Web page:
Putting robodialers on hold. The United States Congress is considering substantial changes to the Telephone Consumer Protection Act (TCPA). Passed in 1991, the TCPA provides many protections to consumers regarding the use of automated dialing systems, prerecorded voice messages, SMS messages and unsolicited faxes. Many will remember with relief the day that the Act’s “Do Not Call” list was implemented. It was one of those glorious moments when our government seemed to work. The day before the DNC list, you were bombarded by people calling to get you to change long distance companies. The day after the list … blissful silence. Needless to say, anything government does right, it will undo.
Warning, Will Robinson! The U.S. Congress is trying to cave in to the people who would take us back to the days of autodialers and unsolicited solicitations. HR3035, with the sickly sweet title, “Mobile Information Act of 2011″ turns back the clock 20 years or so. First, it narrows the definition of “automatic telephone number dialing system.” In fact, it narrows the definition to old approaches rarely used today. Many of today’s more sophisticated targeted dialers are excluded from regulation by this legislative trickery. Second, it grants consent for unsolicited calls each and every time you give your cell phone number to anybody. Verbally or in writing, it matters not. Give your cell phone number to a customer service rep? You are now available for a lifetime of automated harassment. Finally, the act “pretends to protect” by banning automated calls to cell phones, “unless the call is made for a commercial purpose that does not constitute a telephone solicitation.” Your warranty expired. It’s about to expire. We’re just verifying your address. There are many ways to advertise without being solicitous and the robots will use them all.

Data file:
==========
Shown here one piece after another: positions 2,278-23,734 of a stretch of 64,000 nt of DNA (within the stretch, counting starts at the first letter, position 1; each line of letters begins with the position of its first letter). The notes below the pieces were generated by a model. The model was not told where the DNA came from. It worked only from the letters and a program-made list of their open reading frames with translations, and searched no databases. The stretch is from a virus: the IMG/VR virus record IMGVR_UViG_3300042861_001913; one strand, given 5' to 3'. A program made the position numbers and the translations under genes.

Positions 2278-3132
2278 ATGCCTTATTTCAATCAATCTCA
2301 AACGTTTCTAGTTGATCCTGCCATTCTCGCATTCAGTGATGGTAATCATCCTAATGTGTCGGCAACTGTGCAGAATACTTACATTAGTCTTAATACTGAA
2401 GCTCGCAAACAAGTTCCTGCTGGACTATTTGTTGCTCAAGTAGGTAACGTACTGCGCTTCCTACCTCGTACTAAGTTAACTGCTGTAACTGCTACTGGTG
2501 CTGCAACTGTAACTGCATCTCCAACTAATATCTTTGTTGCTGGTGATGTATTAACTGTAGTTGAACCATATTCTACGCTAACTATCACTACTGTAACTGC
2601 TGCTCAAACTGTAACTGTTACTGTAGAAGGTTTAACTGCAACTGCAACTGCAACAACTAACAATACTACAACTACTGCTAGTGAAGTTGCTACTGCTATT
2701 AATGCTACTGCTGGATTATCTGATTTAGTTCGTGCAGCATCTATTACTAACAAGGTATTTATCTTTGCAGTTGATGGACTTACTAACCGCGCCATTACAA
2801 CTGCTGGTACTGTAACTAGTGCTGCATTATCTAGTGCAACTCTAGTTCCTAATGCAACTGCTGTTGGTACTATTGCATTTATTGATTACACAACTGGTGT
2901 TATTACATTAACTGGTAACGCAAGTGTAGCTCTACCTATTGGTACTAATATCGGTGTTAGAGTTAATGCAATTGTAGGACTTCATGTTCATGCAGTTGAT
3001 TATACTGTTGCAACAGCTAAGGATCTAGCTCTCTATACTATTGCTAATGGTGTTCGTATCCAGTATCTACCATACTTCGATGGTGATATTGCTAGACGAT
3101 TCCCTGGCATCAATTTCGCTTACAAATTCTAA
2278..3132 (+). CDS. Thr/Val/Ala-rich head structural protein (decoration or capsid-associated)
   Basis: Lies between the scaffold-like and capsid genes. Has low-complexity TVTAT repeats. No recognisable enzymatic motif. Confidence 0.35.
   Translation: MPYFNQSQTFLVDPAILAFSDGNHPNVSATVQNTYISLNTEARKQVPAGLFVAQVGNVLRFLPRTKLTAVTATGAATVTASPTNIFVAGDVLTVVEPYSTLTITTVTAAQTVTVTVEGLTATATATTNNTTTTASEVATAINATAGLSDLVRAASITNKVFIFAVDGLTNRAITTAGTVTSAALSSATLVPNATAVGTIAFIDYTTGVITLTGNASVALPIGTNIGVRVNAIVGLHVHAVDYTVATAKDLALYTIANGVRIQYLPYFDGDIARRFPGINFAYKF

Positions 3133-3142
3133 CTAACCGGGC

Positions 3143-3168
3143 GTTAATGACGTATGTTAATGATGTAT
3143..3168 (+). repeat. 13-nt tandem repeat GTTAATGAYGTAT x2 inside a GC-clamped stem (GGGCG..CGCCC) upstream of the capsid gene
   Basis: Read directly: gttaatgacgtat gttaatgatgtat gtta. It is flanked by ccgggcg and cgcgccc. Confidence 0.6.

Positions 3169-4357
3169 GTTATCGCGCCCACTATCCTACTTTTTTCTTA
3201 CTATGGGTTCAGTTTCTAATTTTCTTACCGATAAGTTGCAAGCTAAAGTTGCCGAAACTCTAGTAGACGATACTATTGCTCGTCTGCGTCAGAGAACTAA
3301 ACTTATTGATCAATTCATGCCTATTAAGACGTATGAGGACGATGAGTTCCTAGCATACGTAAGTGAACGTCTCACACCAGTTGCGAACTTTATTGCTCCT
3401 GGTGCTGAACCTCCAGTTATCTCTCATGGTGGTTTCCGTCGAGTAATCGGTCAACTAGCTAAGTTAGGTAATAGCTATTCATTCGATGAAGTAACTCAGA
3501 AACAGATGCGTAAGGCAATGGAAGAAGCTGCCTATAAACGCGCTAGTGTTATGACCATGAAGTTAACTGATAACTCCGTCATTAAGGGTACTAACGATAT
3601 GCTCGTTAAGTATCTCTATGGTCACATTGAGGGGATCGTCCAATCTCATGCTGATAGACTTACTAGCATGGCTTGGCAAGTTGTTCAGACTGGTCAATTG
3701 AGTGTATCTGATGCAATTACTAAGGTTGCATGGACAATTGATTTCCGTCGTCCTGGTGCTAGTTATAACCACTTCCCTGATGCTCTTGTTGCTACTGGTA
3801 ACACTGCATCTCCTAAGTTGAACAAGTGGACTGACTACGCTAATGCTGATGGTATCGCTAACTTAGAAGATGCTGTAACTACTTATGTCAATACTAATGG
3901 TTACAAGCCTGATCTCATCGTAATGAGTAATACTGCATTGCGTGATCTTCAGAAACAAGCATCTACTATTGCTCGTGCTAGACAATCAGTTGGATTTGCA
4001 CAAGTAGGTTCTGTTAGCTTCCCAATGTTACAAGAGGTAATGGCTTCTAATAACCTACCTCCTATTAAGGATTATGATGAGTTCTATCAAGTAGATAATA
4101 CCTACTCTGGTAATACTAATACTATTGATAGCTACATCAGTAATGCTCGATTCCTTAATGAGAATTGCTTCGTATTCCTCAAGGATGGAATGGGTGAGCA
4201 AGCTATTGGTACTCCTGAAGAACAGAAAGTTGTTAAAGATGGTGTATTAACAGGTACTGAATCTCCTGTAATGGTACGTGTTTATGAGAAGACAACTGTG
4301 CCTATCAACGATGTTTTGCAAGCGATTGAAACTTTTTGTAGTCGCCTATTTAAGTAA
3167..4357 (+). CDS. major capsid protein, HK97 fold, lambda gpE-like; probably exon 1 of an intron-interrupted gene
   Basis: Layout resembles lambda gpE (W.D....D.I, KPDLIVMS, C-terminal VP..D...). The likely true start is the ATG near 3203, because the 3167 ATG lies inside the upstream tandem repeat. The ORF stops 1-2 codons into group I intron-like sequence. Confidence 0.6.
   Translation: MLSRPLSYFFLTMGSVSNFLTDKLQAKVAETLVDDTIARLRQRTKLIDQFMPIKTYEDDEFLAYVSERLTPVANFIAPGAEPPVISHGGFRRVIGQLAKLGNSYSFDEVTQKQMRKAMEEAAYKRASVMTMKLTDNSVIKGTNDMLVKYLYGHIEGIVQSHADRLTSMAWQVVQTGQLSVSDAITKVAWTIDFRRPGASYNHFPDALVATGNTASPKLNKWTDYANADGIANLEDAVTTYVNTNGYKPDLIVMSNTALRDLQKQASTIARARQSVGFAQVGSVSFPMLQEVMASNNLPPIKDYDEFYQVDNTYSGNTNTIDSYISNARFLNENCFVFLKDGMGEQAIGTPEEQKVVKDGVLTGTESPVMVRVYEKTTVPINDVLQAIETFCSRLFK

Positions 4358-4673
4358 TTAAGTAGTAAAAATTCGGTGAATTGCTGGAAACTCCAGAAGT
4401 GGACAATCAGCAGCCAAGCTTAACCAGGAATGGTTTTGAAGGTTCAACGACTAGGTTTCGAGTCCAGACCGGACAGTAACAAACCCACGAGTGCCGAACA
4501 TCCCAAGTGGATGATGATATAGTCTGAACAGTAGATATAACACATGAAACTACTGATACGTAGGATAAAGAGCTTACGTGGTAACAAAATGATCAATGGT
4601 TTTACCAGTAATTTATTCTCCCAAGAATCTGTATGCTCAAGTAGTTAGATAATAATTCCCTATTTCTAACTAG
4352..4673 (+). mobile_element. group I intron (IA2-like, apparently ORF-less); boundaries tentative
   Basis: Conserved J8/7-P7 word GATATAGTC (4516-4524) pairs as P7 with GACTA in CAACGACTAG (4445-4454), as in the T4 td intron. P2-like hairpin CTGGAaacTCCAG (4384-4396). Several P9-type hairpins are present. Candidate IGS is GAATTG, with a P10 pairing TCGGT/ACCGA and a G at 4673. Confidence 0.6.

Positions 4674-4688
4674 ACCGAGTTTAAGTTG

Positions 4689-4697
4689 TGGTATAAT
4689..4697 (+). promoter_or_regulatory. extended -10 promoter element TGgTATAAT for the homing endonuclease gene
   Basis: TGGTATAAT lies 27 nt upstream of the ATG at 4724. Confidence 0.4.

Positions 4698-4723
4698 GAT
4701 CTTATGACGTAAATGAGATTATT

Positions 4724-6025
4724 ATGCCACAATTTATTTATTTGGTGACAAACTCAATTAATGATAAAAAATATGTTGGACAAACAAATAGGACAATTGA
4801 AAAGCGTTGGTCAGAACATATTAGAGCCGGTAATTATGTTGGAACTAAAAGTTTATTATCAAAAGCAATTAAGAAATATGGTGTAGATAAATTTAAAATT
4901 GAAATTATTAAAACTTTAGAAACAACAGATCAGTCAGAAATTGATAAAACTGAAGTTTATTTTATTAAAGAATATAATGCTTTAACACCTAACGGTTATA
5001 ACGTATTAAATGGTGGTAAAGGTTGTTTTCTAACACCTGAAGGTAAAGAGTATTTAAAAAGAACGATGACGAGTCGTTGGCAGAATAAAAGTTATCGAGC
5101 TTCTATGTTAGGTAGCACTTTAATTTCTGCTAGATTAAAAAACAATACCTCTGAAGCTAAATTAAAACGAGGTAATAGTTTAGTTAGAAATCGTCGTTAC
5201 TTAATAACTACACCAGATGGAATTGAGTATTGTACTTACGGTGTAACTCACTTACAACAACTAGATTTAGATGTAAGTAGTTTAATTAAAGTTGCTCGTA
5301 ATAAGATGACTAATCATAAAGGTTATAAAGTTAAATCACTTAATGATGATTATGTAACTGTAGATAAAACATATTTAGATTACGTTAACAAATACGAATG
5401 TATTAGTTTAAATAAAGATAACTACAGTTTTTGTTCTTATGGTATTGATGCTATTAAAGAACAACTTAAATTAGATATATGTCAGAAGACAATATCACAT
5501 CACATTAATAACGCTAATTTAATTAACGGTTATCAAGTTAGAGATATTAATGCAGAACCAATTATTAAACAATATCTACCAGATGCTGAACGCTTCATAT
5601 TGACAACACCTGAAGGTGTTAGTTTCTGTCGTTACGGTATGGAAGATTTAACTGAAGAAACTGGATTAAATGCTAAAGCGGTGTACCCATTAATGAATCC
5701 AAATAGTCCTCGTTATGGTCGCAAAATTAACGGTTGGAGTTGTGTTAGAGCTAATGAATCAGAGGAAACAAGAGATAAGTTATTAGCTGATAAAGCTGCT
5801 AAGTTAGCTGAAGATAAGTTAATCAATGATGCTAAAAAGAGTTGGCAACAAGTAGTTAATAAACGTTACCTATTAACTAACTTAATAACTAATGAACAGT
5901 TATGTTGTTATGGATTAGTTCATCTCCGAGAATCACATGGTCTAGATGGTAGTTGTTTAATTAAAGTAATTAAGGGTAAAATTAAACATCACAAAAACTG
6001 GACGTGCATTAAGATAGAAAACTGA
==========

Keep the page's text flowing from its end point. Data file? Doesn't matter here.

Cooch’s line goes dead. This bill is so bad that it has actually united American politicians across the political divide. The Attorneys General from 48 states and 6 U.S. territories signed a letter to Congress demanding that the bill be rejected. 48 states! Now, which two states do you think missed the bus? Virginia and Nebraska. You can read the letter here. I have looked in the usual Internet spots for any commentary from Ken Cuccinelli as to why he declined to sign a letter that 48 out of 50 U..S Attorneys General signed. Nothing. Silence. If anybody knows of Mr. Cuccinelli’s thinking on this matter, please let me know. Perhaps he’s providing this silence as solace for the day when our cell phones will start ringing off the hook. Or, maybe he’s just asleep at the switch.
Pulling a Kaine. Tim Kaine famously went AWOL from his job as Virginia’s governor in the midst of a paralyzing recession. Gov. Kaine got a new job as the head of the Democratic National Committee while still governor. He hit the road in Gulfstreams and Lear jets to keep America safe for Democrats. It appears that AG Cuccinelli is doing the same thing. Too busy popping off about Rail to Dulles to bother with the mundane tasks of the office to which he was elected. Too busy running for governor to either join the AGs of 48 other states or declare why Virginians should relish the return of the robocallers. At least Tim Kaine had the decency to wait until he was within eyesight of the end of his term. Cooch is AWOL at just about the half way point.
By … Groveton